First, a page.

The resistor is an electronic component restricts or limit the flow of current and divides the voltage in an electronic circuit. It is one of the most important passive components of an electronic industry because, without these components, active devices cannot process the electrical signals. Its main purpose is to provide a precise quantity of electrical resistance. In our previous articles, we explain, capacitors, types of capacitors, diodes in detail. In this article, we are going to explain resistors, resistor colour coding , types of resistors in detail.
Resistors mainly added to those circuits where they complement the active components like integrated circuits, op amp, microcontrollers etc. To form resistor networks it can be connected in various parallel and series combination.
(i) Resistor Symbol:
It is a two terminal device have one connection on each of its sides. Two common resistor symbols are shown in given figure; one is in American style (zig zag line) and other is international style. Resistor values displayed in ohms is critical for both evaluating and actually constructing the circuit. Each resistor in a circuit should have unique name/number. In a circuit diagram, the SI prefix symbol for a particular value in European countries is written as 2K4 which indicates a resistor value of 2.4KΩ etc.
(ii) Resistor working:
As per ohm’s law, the behaviour of an ideal resistor is explained by the given equation:
V= I * R
This law states that the ratio of the voltage and the current is equal to the constant i.e. resistance known as the constant of proportionality. For example, if a 200-ohm resistance is attached across the terminals of the 10V battery, then a current of 10/ 200 = 0.05 Ampere flows through that resistor. In alternating current circuits, practical resistors also have some inductance and capacitance. These are generally made up of metal wire or carbon and engineered to maintain a stable resistance value over a wide range of environmental conditions. In a working circuit, they do not produce light but they do produce heat as the electric power dissipated by them.
Resistor Color Code:
The system of representing the resistor value is known as colour coding. This coding is standardised by the Electronic Industries Association. The table given below shows the numerical value associated with each colour. To determine the value of resistance, colour bands are always read from left to right from the end that has the bands nearer to it.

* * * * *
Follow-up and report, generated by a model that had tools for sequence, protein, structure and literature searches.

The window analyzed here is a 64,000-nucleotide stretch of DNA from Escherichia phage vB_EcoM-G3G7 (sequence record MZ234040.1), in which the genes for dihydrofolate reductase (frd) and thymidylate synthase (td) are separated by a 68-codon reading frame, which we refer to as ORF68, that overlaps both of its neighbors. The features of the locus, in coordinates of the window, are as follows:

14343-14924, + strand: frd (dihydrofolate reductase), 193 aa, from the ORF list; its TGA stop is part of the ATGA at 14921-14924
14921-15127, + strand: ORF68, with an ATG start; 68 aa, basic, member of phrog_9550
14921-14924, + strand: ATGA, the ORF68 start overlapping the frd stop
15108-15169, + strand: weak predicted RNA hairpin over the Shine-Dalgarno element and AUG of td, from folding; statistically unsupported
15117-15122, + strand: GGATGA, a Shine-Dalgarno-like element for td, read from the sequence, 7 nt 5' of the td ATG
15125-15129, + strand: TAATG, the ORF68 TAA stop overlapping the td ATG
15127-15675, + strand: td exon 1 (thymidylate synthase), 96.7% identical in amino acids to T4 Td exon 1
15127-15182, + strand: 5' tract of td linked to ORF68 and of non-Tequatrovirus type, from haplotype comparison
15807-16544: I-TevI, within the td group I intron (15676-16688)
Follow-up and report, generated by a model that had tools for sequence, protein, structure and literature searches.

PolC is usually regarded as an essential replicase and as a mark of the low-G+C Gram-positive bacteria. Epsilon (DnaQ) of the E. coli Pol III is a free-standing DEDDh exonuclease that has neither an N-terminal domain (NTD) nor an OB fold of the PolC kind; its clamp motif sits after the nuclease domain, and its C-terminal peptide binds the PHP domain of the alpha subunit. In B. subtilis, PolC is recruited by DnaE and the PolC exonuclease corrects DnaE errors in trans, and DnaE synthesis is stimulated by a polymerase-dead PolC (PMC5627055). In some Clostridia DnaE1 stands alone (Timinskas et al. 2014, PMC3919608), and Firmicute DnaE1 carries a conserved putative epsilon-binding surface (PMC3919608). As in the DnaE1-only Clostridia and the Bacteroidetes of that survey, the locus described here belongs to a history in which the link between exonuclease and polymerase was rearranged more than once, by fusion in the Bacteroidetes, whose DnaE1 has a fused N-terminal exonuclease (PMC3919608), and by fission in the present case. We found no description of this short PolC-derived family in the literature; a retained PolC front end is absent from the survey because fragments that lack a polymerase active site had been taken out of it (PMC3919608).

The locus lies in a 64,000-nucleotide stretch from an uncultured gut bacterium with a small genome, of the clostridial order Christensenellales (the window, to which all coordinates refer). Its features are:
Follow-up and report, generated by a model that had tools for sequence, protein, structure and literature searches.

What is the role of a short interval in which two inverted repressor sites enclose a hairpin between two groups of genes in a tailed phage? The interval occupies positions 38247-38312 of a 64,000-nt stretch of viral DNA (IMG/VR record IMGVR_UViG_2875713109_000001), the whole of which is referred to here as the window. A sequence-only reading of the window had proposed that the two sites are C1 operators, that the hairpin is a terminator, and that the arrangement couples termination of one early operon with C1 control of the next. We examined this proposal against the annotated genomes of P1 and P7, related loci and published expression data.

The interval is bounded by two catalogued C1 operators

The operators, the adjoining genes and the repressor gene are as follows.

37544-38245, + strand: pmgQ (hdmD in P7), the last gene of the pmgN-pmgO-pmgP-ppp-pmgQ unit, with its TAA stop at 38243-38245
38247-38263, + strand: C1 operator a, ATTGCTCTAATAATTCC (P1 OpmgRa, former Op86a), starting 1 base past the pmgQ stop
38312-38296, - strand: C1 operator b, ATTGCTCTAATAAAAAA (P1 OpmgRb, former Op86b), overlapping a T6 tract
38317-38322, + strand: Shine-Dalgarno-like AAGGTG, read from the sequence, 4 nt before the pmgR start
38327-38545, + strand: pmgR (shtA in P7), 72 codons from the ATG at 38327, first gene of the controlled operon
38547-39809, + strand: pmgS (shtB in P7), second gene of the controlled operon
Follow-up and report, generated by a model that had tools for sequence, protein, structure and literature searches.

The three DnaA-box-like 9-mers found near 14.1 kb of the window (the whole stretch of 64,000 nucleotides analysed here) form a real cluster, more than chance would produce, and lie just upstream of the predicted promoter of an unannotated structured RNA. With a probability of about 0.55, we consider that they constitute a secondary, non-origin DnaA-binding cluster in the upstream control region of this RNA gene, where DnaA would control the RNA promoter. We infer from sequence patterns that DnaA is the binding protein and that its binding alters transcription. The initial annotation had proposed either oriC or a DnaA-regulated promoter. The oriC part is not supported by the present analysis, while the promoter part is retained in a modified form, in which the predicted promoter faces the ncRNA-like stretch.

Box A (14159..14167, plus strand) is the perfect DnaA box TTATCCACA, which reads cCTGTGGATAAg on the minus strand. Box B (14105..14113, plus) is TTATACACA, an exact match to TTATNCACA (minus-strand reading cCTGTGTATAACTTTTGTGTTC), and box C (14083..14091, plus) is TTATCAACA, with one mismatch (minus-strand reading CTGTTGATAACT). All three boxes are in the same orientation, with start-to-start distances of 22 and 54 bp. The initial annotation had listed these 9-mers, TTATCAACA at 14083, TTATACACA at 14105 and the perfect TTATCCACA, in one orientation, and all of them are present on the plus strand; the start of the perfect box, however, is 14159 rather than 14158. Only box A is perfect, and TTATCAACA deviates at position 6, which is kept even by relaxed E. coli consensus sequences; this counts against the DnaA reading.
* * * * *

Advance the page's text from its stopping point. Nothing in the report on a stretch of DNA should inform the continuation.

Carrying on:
As shown in the diagram below, the first and second band represents the first and second significant digits of the resistance value. The third band is the multiplier represents the number of zeroes that follow the second digit. Sometimes, the third band is of golden or silver colour, then these colours represent a multiplying factor of 0.1 and 0.01 respectively. The fourth band represents the resistors tolerance i.e. the measure of the precision with which the resistor was made by the manufacturer. The silver band represents ±10 % and the gold represents the ±5 % tolerance.
Note: If there is no fourth band it shows that the resistor has ± 20% tolerance.
Types of Resistors:
The two main characteristics of each resistor are resistance in ohms & power rating in watts. To obtain a desired current or voltage drop in the circuit, the value of Resistance is perfectly selected. The power rating may be as lower 1/10 Watt to as high as several hundred watts. From the operating point of view, resistors can be classified as fixed resistors and variable resistors.
(i) Fixed Resistor:
Fixed resistors are those resistors which have fixed value of resistance. These are two types:
(a) Carbon composition Resistors:
It is the most common resistor used in electronic circuits with a low power rating of 2W or less and is made of the mixture of carbon or graphite & clay. For insulation and mechanical strength, the resistor element is enclosed in a plastic case. This type of resistors is readily available in values ranging from 1 Ω to 22MΩ, having a tolerance range of 5 to 20% and power rating of 1/4, 1/2, 1 or 2W. When the wattage of the resistor increases, the relative size of resistors also got increased.
(b) Wire wound Resistor:
It is an electrical passive component that limits the current. For its construction, a resistance wire made of tungsten, nichrome or manganin etc are wrapped around a hollow porcelain cylindrical core. This whole assembly is coated with an enamel containing powdered glass. To provide mechanical protection to the device, hard and smooth coating is done. The power rating of this resistor is ranging from 2W to 500W and have values ranging from 1 Ω to 100 KΩ.
(ii) Variable Resistor:
In these type of resistors, the value of electrical resistance can be adjusted as per your requirement. To adjust the values of current and voltages these resistors are the best one. These are two types:
(a) Carbon composition Resistors:
In this resistor, a thin carbon coating on pressed paper or a moulded carbon disc constitutes the carbon composition resistance element. These are readily available in values ranging from 1000 Ω to 5 MΩ, approximately having a power rating of usually 1/2 to 2W. A carbon control is often combined with a power on-off switch.
(b) Wire wound Variable Resistor:
In this type of resistor, a resistance wire is wound over a dough shaped the core of bakelite or ceramic. The two ends of the resistance wire are joined to the external soldering lug terminals.
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